Many came to hug. Others came to stand and not say much. Still others offered to run errands or get dinner. Each of these dear ones came expressing the presence of God – the Triune God.

Would that the church, the Church, would take on the expression of the presence of God – the Triune God – in the world. In so doing we may find many who need companions for that long dark walk that surely comes. Embracing our kinship in shepherding with God may give us greater occasion to celebrate the love of God in Christ Jesus mediated by the Spirit for the blessing of the world.

About the Author
Husband to Patty. Daddy to Kimberly and Tommie. Grandpa Doc to Cohen, Max, Fox, and Marlee. Pastor to Snow Hill Baptist Church. Graduate of Oklahoma Baptist University and Southwestern Baptist Theological Seminary. Reading. Photography. Golf. Colorado. Jeeping. Friend. The views and opinions expressed here are my own and should not be construed as representing the corporate views of the church I pastor.

2 comments on “The Valley of the Shadow of Death

  1. Kris Anne says:

    Todd, when my mother was diagnosed with multiple myeloma in June of ’04 and then died that November, I remember the shock and gut-wrenching pain that I felt (still feel, really). She died here in my home, and I vividly remember her last moments… they were not peaceful. I had never watched someone die before, and her jerking, convulsive last breaths tormented me… they still do, when I relive them in my dreams (sleeping or waking). It is an earthy, agonizing, awkward journey from this world to the Presence of God.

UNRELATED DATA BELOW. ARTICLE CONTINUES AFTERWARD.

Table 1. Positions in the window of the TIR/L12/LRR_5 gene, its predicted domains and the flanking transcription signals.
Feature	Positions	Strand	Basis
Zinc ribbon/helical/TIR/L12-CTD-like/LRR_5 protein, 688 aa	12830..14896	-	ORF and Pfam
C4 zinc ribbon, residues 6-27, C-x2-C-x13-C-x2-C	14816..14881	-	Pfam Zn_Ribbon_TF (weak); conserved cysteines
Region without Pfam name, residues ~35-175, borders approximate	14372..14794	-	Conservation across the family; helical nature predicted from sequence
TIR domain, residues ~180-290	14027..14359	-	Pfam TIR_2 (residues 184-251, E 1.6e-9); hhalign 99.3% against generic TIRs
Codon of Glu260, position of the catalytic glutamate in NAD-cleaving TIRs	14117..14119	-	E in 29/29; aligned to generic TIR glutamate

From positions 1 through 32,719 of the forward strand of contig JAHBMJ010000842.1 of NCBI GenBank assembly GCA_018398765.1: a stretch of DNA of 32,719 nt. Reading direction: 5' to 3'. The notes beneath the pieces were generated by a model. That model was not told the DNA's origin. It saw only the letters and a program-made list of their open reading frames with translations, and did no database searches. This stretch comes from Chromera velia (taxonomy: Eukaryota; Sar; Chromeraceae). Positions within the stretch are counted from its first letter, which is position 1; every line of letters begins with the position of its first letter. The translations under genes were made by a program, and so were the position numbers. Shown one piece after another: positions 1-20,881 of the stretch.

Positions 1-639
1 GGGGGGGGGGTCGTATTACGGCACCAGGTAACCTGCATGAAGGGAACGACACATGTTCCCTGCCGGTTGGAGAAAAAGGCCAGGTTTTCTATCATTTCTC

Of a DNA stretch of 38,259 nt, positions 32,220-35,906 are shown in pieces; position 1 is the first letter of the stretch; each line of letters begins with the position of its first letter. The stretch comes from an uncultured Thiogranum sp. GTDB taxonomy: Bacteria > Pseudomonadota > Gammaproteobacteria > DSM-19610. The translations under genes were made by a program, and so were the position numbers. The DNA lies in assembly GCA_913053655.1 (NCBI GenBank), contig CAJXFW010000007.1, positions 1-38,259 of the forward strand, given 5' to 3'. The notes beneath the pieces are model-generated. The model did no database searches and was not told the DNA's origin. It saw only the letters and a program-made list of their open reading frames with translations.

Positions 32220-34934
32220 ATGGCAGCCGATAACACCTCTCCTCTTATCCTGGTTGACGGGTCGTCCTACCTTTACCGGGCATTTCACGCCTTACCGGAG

I have trouble even visiting her grave, because it reminds me of what is happening to her body. Though it was sick and is now dead, it is a body that I loved to be held by (and humored by, as she would dance around the house to our old Monkey’s record).

    Death truly is a thief, and I struggle to hold on to the belief that it really is just a doorway… I know it is in my head, but my mother feels so far away in my heart. On this New Year’s eve, I long to hear her voice again and to smell her smell and hold her hand. Another year without mom is ahead of me… and yet, you are absolutely right, that the love of my community brings near the love of God… and in a way, the love of my mother. Those who remember her and speak to me about her, who laugh with me and cry with me; they ARE Jesus with skin on during these years of waiting… I wait until I can be with her again, with my Lord.

  2. Todd Littleton says:

    Kris Anne,

    Thanks for opening us up to the very kinds of struggles we often ignore. I think we ignore them for we do not know what to say. Our former Associate Pastor onces said it is better to say nothing than try to say something that really comes off poorly. I really think we want to help but we just do not know how.

    Prayers with you longing to hear your mother’s voice. Hopeful with you when the day comes where we will together hear the voices of the many we love.

    Blessings in this New Year.